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The Pillar coinage


On 9 June 1728, King Philip V of Spain issued a royal decree to bring about sweeping changes in the manufacture of coins in the New World colonies. All hammered macuquina or 'cob' coinage would be replaced by coins made using round planchets punched from a rolled, flat sheet of silver of even thickness ('milled'), struck by a screw press, with carefully prepared dies placed in medal alignment, and endowed with a decorated edge that would be impossible to shave or clip without notice. The Mexico City mint, being the first and best-prepared mint of the Americas, was the first to receive the relevant minting equipment and thus move toward compliance.

Further changes were made by the Ordinances given in Cazalla on 16 July 1730. As part of the new changes, the Royal Treasury now had control of the jobs within the Mint, which were no longer in the hands of private individuals. For centuries, these had been leased or sold to the private sector. In Mexico, on 25 February 1733, according to the previous Ordinances, the positions that had been for sale were incorporated into the Crown, although it would not be until 1778 when all the workers of the Mint were employees of the Crown. Part of the new changes was in 1731 when the Viceroy Marquis of Casafuerte ordered Nicolás Peinado (who was an architect by profession) to begin the expansion of the Mint, which would be completed in 1734 and inaugurated by the Viceroy Antonio de Vizarrón. These works provided space for the new equipment for an investment of $454,000.

Jorge ProctorJorge Proctor, "A Madrid columnario of 1729 preserved in the Museum of the Mexican Mint" in gives the following timeline:

9 June 1728: Pragmatics state that copper samples of the new coin must be made.
8 September 1728: The design is approved.
26 October 1728: Diego de la Casa, the Chief Carver of the Segovia Mint, was commissioned to design a new coin to replace the currency minted until then in the mints of the Kingdoms of the Indies, in accordance with the provisions of the Pragmatics of 9 June 1728.
19 August 1729: The final design was made by the Salamanca carver Francisco Fernández Escudero, which he sent to the Marquis of Feria, who confirmed that he had received the request for the samples
22 August 1729: Diego de Sosa, royal carver, was finishing the designs of the pieces of eight, two, and half reales, leaving the four reales for the following week, and asked whether the samples should be sent in copper or silver.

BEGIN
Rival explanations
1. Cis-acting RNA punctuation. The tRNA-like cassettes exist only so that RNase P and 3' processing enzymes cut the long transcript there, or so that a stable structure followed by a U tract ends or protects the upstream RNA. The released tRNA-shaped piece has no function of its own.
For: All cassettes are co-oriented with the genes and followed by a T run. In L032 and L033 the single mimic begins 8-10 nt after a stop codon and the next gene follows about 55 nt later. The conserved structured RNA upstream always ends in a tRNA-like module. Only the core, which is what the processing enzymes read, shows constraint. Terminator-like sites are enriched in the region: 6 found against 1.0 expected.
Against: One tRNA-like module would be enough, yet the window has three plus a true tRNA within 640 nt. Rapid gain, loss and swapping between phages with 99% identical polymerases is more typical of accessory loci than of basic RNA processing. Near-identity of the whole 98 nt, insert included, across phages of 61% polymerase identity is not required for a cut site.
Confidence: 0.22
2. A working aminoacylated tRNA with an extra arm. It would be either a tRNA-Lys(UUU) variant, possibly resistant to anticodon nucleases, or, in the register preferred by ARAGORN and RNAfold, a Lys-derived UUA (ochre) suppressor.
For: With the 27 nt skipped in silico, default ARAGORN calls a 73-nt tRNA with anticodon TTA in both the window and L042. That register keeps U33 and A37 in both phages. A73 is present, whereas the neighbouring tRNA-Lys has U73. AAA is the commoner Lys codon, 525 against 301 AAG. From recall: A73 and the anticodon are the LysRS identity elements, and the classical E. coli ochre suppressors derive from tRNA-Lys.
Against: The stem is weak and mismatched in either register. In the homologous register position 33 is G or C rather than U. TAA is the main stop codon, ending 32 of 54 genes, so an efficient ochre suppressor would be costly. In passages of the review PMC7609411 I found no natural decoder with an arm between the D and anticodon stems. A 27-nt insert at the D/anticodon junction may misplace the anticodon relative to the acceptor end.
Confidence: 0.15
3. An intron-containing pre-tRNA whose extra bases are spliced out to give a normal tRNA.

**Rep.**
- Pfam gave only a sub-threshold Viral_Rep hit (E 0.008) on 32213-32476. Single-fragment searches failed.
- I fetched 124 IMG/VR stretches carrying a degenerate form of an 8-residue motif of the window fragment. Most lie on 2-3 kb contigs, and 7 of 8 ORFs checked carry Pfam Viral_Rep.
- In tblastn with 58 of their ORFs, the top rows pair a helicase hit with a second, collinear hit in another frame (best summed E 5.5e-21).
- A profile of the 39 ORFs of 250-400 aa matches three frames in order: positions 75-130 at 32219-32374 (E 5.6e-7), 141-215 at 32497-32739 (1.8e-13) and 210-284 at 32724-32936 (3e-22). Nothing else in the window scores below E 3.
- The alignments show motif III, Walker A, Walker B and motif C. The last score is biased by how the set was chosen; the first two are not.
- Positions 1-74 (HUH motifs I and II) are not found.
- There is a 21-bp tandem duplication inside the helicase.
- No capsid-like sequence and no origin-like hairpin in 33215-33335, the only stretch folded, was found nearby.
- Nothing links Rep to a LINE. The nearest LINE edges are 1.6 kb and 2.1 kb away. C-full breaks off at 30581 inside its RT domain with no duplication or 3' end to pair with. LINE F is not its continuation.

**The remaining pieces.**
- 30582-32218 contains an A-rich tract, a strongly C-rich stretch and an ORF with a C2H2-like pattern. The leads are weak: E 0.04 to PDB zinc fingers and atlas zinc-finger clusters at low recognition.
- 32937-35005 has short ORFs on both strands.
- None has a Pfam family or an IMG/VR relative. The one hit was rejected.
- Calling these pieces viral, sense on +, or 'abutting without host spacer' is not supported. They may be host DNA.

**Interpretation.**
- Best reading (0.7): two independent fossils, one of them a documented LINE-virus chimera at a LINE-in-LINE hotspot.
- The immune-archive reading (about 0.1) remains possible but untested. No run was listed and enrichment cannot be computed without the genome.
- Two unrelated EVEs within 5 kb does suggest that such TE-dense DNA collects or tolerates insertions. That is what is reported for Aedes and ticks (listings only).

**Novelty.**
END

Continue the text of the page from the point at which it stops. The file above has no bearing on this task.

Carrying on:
24 August 1729: First sample coins were made in silver for the monarch, and later in copper to send to the mints of the Indies.
6 October 1729: Two samples of all the pieces of the monetary system, from the half to the eight reales, were delivered, without assayer's marks or value One of these sets was given to Nicolás Peinado Valenzuela, the new director of the Mexican Mint. who went to his new destination together with his lieutenant Alonso García Cortés and the engraver Francisco Monllor.

KM 94 4r 1732KM 94 4r 1732 reverse
KM-94 4r 1732 MO (Stack’s Bowers ANA Auction, 4 August 2017, lot 21157)

Thes coinsonly four pieces for the 4 reales denomination are known lacks the assayer's initials and denomination and may be considered "trial pieces struck directly from the matrix sent from Madrid, to serve as examples of how the coin layout should look” Brad Yonaka, A Variety Guide to the Fractional Pillar Coinage of Mexico City 1732-1771,.

The new coins were instigated on 29 March 1732, in the presence of the viceroy of New Spain ,the Marquis of Casafuerte, the superintendent of the Mint Joseph Fernández Veytia Linage, the director Nicolás Peinado y Valenzuela, the lieutenant Alonso García Cortés and the engraver Francisco Monllor. The viceroy threw the coins from the balcony of the National Palace to his subjects to celebrate.

However, circulation would not begin until the mint had enough currency as a backstop, which would happen until 23 December 1732, in an announcement by the town crier of Mexico City. In November 1732 the amount of 200,000 pesos of silver was deposited with the Real Audiencia to be used to produce the new coinage. On 17 December[text needed] and 20 December 1732[text needed] bandos (proclamations) were distributed across the country informing the populace of the new coinage and that they were to be accepted just as the previous cob coinagecorrespondence included with lot 41138.

The first truly milled and machine-struck round coins were produced in 1732, running in parallel with an intermediate method that used polygonal planchets trimmed to correct weights (klippes). By 1735 the mint was producing only the coin type originally mandated by the king in 1728. The fractional silver denominations were half, one, two, and four reales, with the crown-sized eight reales being the standard trade dollar value in silver weight. Coin purity was set as 11 dineros (916.666 fine silver).

The coin type was named pillar or 'columnario' for the two pillars on either side of the globes on the date side. These pillars had been a feature of Spanish colonial coinage for the better part of two centuries, but the new uncrowded design type and even planchet surfaces gave them a prominence and austerity that had been lacking in earlier coinage.

The period of pillar design at the Mexico City mint ended in 1771, with the introduction of the portrait type reales in 1772 as decreed by King Charles III. Concurrently, silver fineness was reduced to 903.0 fine silver, giving pillar coinage a slightly higher intrinsic value than the later portrait type.